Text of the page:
Marginal Areas And Conservation

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When nature reserves are examined in detail it is often apparent that the greatest areas of species richness are localized. In many cases the regions with greater biodiversity are at margins or ecotones where one community merges with another. In the case illustrated above (Fig. 12.2) at the Tentsmuir Nature Reserve, the immediately visible loss from erosion was the disappearance of 10 m high dunes and replacing them with a deeply cut bay reaching back to where the shoreline had been almost a century ago. The physical loss of the dune did not deprive the reserve of any particularly rare species. However, when the erosion reached the eco-tone zone between the flood-line alder community (Fig. 12.6) and the adjacent dune slack it removed a large part of the former territory of the coralroot orchid (Corallorrhiza trifida; Fig. 12.7). This was a regrettable loss as Tentsmuir once hosted one of the largest populations of this rare orchid in the British Isles.

The above example illustrates that often it is not any one community in a reserve that is important for maintaining biodiversity but the boundaries and margins between them are.

Ecotones are not only rich in species but also in hybrids between species which gives these areas a special significance in facilitating both plant adaptation and migration (see Chapter 4). It has frequently been pointed out that it is not just individual plants that migrate as seeds but genes also do through pollen dispersal. A time of climatic change is also a time for migration. Ectones, with the niches that they provide for hybrids, will also facilitate gene migration and therefore have a vital conservation role for the movement of plant populations. On a mountainside, high-altitude populations of dwarf birch will hybridize with the common birch that grows at a lower elevation. During a period of climatic warming the F1 hybrid generation will survive and may backcross with the lower altitude common birch, resulting eventually in the lowland birch replacing the mountain birch (see Chapter 4). Surrogate motherhood by the mountain birch has facilitated by gene migration the movement of common birch to higher altitudes (Fig. 12.8). Marginal situations where the parent species are less viable than the hybrid are ideal areas for preserving the mobility of plant communities, especially in a modern world where intensive land use confines many plant species to isolated wilderness habitats in a matrix of managed land.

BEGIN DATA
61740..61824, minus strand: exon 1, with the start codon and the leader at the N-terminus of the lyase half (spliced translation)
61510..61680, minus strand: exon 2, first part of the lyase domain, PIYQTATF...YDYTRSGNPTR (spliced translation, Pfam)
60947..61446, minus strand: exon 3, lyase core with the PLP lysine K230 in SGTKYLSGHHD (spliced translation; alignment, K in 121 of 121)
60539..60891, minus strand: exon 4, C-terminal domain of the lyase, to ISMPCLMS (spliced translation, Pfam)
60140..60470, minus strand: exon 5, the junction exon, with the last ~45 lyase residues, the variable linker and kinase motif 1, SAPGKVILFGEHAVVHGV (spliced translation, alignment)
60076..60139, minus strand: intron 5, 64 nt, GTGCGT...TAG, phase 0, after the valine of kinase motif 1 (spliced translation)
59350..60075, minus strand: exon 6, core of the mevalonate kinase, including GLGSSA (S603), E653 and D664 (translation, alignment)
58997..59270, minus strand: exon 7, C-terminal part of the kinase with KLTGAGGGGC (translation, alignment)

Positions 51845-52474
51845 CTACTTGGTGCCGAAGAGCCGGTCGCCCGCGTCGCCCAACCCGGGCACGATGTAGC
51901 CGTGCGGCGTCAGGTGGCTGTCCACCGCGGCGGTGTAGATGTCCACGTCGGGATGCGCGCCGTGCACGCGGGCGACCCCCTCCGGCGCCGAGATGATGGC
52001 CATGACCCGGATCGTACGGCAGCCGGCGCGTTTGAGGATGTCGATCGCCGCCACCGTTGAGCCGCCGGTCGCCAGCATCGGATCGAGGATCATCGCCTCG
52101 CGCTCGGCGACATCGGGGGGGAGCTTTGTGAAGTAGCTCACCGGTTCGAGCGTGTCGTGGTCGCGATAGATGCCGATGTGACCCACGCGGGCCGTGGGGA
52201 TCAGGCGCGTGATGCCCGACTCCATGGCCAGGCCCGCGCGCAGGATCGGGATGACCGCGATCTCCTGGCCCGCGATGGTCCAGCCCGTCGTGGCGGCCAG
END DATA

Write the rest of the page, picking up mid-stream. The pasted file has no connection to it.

12.5.1 Regeneration and the role of margins

Many forest trees have difficulty in regenerating under the shade of the parent trees. Fruiting of hazel (Corylus avellana) as discussed in Section 11.4 is much reduced when hazel becomes an understorey tree. Young saplings therefore tend to arise either in clearings or at the margins of the forest. A romantic and controversial hypothesis has even suggested (Vera, 2000) that light-demanding trees and thorny shrubs in temperate plant communities may reflect adaptations to now-extinct large grazers, such as aurochs and tarpans (see Section 2.4.1). The hypothesis suggests that grazing induces a shifting mosaic of grassland, shrub thickets and woodland, and that thorny scrub margins of woodlands might be favoured places for tree regeneration. The hypothesis goes further and claims that the biodiversity of forest trees declines in the absence of large grazers.

Saltmarsh Conservation GrazingSaltmarsh Conservation Grazing

Fig. 12.5 Salt marsh at the head of Long Tongue, Sutherland (Northern Scotland). (Upper) Photograph taken in 1949. (Lower) Photograph taken in 2002. Note that even the small islands at the head of the major spits have not visibly altered. (Upper photograph is reproduced from the Valentine collection with permission from the Archives and Muniments of the University of St Andrews.)